LaPierre today proposed several actions as a response including: a national database of all people with diagnosed mental illness (38 states already have that) and an armed volunteer guard in every school. To say that the proposal is unrealistic, is to understate the reality. Early estimates are that the proposal to place ‘armed volunteer guards’ in all 99,000 schools in the US would cost an estimated $18 billion dollars. (No word on the estimated cost for the pernicious database.)
Mike Bloomberg, mayor of NYC and outspoken proponent of gun control, called LaPierre’s speech a “paranoid, dystopian vision” of our society. I don’t always agree with Bloomberg, but he’s right in this instance. LaPierre’s claim that “the only thing that stops a bad guy with a gun is a good guy with gun,” is not only offensive in terms of gender, especially given the heroic women who died trying to save their young students in Newtown, it also belies the NRA’s racial assumptions.
Have you ever wondered to yourself while watching a college football game on a Saturday afternoon why there are so many (often times a majority) black players on the field, but an overwhelming majority of fans and coaches are white? If you have not, rest assured you are not alone. The black athlete and everything else white seems to be the norm. The problem, however, is this racial standard continues to hamper blacks’ progression throughout US society, and is even more elucidated in the very institution one would expect the most progress to be made – sport.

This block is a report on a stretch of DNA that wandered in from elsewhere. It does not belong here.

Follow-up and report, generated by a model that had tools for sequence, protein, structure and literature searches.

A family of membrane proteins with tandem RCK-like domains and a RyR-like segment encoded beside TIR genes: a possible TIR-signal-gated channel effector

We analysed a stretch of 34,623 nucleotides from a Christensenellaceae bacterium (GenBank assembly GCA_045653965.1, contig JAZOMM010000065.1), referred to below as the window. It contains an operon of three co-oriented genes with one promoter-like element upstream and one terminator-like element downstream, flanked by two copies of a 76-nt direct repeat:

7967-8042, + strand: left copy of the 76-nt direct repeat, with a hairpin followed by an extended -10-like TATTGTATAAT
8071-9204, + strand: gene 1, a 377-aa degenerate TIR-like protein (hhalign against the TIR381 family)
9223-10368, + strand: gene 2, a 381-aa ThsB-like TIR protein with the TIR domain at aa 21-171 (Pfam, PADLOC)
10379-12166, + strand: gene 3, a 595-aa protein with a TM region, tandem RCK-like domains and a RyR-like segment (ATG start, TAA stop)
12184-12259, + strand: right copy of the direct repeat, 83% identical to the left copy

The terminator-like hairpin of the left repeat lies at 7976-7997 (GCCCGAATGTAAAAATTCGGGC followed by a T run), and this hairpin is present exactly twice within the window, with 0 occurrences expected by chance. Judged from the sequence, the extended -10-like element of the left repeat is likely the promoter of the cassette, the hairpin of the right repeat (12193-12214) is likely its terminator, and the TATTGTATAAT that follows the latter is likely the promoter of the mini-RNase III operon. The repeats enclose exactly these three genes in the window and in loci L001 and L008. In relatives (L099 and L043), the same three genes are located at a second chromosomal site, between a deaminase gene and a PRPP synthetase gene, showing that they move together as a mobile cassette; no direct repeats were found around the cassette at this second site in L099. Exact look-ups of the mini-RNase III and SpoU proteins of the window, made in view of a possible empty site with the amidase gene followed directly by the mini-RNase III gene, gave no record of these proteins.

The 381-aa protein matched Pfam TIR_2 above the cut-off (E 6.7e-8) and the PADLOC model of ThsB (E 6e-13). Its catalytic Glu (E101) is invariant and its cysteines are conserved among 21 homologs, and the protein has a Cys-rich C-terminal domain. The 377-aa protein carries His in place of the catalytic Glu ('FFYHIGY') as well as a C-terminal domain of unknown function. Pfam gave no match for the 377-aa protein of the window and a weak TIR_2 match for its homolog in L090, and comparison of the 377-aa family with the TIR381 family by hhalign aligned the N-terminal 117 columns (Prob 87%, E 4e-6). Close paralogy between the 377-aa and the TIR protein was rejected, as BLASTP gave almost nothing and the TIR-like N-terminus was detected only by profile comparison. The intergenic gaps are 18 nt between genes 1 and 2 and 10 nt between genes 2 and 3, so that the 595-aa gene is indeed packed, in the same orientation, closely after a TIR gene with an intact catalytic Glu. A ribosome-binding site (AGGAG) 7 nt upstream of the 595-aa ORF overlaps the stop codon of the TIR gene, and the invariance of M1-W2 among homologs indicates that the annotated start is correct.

When considering the historical and systemic nature of racism in the US (see Feagin, 2006), much more attention has been placed on economic, political, educational, and legal institutions. The institution of sport, however, tends to be overlooked. Perhaps this is the case because of its egalitarian façade that gets displayed to the public. What is not being shown is the real racial inequality that has and continues to exist in the leadership structure of sport. Most prominent is the multi-billion dollar industry of NCAA Division I collegiate athletics. For instance, according to Lapchick, Hoff, and Kaiser’s (2011) latest Racial and Gender Report Card for college athletics, black male student-athletes are overly represented (60.9% and 45.8%) in the two most revenue generating sports (basketball and football, respectively); however, black head coaches for men’s basketball and football are represented at 21% and 5.1%, respectively, and assistant coaches at 39.5% and 17.6%, respectively. Even worse, whites dominate (81.8%) the athletic director role as well. Considering sport represents a microcosm of society, reflecting its ideals, hierarchies, and problems (see Edwards, 1973; Eitzen & Sage, 1997; Sage, 1998), it is not surprising to see whites in a position that guarantees them the most abundant financial rewards. As a result of this white hierarchy, though, blacks wishing to enter the coaching profession continue to face racial barriers.